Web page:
The only material found in a publicly available data set with fully characterized elastic properties was the uniaxial glass laminate. Other materials were largely limited to a few properties. The following three sections show how experimental values of the uniaxial glass laminate were distilled and give summaries of how homogenization theory was used for the rest of the composites.
2.1.1 Experimentally determined properties
All nine of the elastic properties of the uniaxial glass laminate were obtained directly from experimental values (Samborsky et al., 2022). Since the tensile and compressive effective elastic moduli, E^{*}, were not equal, the arithmetic mean of the respective tensile and compressive value was utilized. For the shear moduli, G^{*}, the arithmetic mean of ${G}_{\mathrm{12}}^{*}$ and ${G}_{\mathrm{21}}^{*}$ was reported as ${G}_{\mathrm{12}}^{*}$. Likewise, the arithmetic mean of ${G}_{\mathrm{13}}^{*}$ and ${G}_{\mathrm{31}}^{*}$ was reported as ${G}_{\mathrm{13}}^{*}$ and the arithmetic mean of ${G}_{\mathrm{23}}^{*}$ and ${G}_{\mathrm{32}}^{*}$ was reported as ${G}_{\mathrm{23}}^{*}$. The approach taken for the shear moduli is not applicable for the Poisson ratios, since in general, ${\mathit{\nu}}_{ij}^{*}\ne {\mathit{\nu}}_{ji}^{*}$, where ${\mathit{\nu}}_{ij}^{*}$ denotes Poisson ratios. ${\mathit{\nu}}_{\mathrm{12}}^{*}$, ${\mathit{\nu}}_{\mathrm{13}}^{*}$, and ${\mathit{\nu}}_{\mathrm{23}}^{*}$ were used directly since ${\mathit{\nu}}_{\mathrm{21}}^{*}$, ${\mathit{\nu}}_{\mathrm{31}}^{*}$, and ${\mathit{\nu}}_{\mathrm{32}}^{*}$ were obtained by loading the laminate in unconventional ways.
2.1.2 Analytically determined properties
Homogenization, a formal subset of micromechanics, is routinely performed to enable efficient analysis and design. The biaxial and triaxial glass laminates both comprise uniaxial fabric placed at a number of angles that are then stitched together. Thus, they are both able to be homogenized as a stack of homogeneous layers. For such a case, Yu (2012) has rigorously proved that the inplane strains and transverse stresses are uniform throughout the thickness of the laminate. Thus, the effective properties of the stack of layers can be obtained from a hybrid rule of mixtures in an exact manner. Thus, the approach of Yu (2012) was adopted here for both of the laminates.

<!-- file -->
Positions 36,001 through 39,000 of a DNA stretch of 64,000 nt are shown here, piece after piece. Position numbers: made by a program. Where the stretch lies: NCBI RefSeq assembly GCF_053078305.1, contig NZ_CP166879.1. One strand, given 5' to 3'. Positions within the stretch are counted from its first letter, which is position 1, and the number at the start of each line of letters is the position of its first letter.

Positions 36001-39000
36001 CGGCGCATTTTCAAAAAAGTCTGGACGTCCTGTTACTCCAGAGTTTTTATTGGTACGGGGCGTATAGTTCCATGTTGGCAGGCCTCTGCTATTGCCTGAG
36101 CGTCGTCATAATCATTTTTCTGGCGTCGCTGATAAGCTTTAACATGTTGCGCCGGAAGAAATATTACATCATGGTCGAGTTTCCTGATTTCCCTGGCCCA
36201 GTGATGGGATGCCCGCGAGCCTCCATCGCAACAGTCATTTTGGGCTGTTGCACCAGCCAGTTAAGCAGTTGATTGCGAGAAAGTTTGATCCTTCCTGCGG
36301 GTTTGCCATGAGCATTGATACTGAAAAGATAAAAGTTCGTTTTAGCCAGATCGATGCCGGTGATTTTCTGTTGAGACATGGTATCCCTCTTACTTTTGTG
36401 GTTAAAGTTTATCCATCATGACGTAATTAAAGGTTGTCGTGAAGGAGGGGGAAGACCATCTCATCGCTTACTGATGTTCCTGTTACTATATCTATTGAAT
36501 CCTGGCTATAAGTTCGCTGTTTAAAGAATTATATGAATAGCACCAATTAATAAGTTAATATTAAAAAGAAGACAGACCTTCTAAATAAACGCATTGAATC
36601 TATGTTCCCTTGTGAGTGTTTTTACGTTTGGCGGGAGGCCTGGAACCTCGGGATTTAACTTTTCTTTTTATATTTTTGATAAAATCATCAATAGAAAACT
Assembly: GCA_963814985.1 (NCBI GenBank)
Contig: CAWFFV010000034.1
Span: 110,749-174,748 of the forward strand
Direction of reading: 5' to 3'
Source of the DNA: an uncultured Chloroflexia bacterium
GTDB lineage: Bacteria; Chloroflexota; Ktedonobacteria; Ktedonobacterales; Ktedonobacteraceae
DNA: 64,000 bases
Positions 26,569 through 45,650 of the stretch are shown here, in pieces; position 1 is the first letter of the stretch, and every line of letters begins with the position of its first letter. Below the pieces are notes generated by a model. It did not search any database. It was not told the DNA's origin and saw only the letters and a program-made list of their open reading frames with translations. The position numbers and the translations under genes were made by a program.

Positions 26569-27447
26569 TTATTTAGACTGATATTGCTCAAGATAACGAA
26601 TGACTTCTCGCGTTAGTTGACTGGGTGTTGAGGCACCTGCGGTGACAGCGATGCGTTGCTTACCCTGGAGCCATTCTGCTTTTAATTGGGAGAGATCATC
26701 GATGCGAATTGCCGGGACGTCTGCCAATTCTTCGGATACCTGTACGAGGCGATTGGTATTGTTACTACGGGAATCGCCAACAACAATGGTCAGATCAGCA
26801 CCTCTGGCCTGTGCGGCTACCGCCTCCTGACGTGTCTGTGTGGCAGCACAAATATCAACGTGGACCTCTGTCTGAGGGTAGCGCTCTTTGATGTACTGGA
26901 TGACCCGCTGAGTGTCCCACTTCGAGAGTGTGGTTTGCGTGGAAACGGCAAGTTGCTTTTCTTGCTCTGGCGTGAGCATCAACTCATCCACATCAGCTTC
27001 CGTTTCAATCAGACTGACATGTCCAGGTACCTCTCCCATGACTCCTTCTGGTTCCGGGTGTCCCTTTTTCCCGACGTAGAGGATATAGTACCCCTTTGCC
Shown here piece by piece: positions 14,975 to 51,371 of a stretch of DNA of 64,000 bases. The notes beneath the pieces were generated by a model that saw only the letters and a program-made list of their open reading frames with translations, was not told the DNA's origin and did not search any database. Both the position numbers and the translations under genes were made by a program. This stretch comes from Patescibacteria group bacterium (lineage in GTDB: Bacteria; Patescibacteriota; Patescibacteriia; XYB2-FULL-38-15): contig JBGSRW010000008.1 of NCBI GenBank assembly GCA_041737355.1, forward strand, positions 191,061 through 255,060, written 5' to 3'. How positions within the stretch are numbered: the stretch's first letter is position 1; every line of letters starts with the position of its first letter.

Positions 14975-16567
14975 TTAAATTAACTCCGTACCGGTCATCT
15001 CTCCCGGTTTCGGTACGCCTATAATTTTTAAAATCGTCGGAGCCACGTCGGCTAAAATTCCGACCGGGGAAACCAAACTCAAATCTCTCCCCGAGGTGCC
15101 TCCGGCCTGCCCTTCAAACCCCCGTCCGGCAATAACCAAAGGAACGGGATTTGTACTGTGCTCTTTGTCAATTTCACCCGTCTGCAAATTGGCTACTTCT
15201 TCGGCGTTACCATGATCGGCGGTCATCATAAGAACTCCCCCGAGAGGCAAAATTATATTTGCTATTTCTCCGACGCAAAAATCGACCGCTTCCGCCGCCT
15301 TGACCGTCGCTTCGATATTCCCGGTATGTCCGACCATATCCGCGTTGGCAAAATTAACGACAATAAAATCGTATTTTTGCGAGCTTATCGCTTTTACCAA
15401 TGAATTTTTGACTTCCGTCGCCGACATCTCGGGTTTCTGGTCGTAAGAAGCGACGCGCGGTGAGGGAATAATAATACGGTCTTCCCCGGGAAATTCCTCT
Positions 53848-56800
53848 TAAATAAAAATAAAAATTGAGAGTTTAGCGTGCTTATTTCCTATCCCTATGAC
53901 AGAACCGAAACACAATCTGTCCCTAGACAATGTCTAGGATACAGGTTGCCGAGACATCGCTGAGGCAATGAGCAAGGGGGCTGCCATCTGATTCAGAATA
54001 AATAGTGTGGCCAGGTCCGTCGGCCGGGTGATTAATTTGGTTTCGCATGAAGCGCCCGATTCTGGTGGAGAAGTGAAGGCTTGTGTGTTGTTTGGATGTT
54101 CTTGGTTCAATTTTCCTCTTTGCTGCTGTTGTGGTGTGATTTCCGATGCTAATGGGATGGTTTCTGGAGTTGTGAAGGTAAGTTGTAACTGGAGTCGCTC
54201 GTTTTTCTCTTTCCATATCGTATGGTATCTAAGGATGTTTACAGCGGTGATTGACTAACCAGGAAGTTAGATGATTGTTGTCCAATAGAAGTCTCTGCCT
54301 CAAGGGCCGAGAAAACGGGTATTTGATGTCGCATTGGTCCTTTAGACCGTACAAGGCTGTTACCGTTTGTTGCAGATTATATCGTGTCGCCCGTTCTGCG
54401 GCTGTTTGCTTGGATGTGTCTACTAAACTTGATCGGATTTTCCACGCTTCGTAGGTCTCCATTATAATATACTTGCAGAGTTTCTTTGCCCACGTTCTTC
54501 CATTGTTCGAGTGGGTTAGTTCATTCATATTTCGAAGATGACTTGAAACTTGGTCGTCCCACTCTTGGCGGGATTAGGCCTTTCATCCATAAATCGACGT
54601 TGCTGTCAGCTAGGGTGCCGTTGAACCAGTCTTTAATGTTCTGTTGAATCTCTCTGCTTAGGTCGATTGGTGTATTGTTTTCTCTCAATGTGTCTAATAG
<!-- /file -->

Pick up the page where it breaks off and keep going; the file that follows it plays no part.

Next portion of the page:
Note from Table 1 that one of the Poisson ratios of the biaxial glass is greater than 0.5. This is permissible since the commonly known maximum limit of 0.5 is exclusively for isotropic materials and this homogenized material is anisotropic. The repeating unit cell considered for the biaxial glass composite was two layers of the uniaxial glass laminate with a stacking sequence of [$\mathrm{45}/\mathrm{45}$^{∘}]. The thickness fraction for each layer, defined as the layer thickness divided by the total thickness, was 0.5. Note that actual thicknesses are not required for the analysis. As for the triaxial glass unit cell, it comprised three layers of the uniaxial glass laminate with a stacking sequence of [$\mathrm{45}/\mathrm{0}/\mathrm{45}$^{∘}], where the ±45^{∘} layers had a thickness fraction of 0.25 and the 0^{∘} layer had a 0.5 thickness fraction. All thickness fractions were derived from examining the SNL/MSU/DOE Composite Materials for Wind Database (SNL/MSU/DOE, 2022).
2.1.3 Numerically determined properties
The layers of the carbon fiber laminates are all in the same direction and have not been characterized as fully as the uniaxial glass laminate. Thus, it is necessary to consider fiberlevel details for the homogenization. The microstructure considered here was a hexangular packing of circular fibers, as shown in the repeating unit cell (RUC) of Fig. 1. The local stress and strain fields in this microstructure are not amenable to the simplifications of Sect. 2.1.2. Thus, the effective elastic properties of the carbon fiber composites were obtained with a numerical model, known in micromechanics as representative volume element (RVE) analysis. The periodic boundary conditions were used because they are known to satisfy the wellknown Hill–Mandel macrohomogeneity condition and only one unit cell is required in the RVE for converged properties. Further details of RVE analysis can be found in Yu (2019). The elastic modulus of the fiber along the fiber axis was calibrated from the corresponding tensile test data in Miller et al. (2019) and the Voigt rule of mixtures. We obtained 230.26 GPa for the industrystandard carbon fiber and 234.69 GPa for the heavytow fiber. The rest of the fiber properties were obtained from AS4 material properties in Herráez et al. (2020). As for the isotropic epoxy, the elastic modulus of 3.2 GPa and Poisson ratio of 0.347 were used.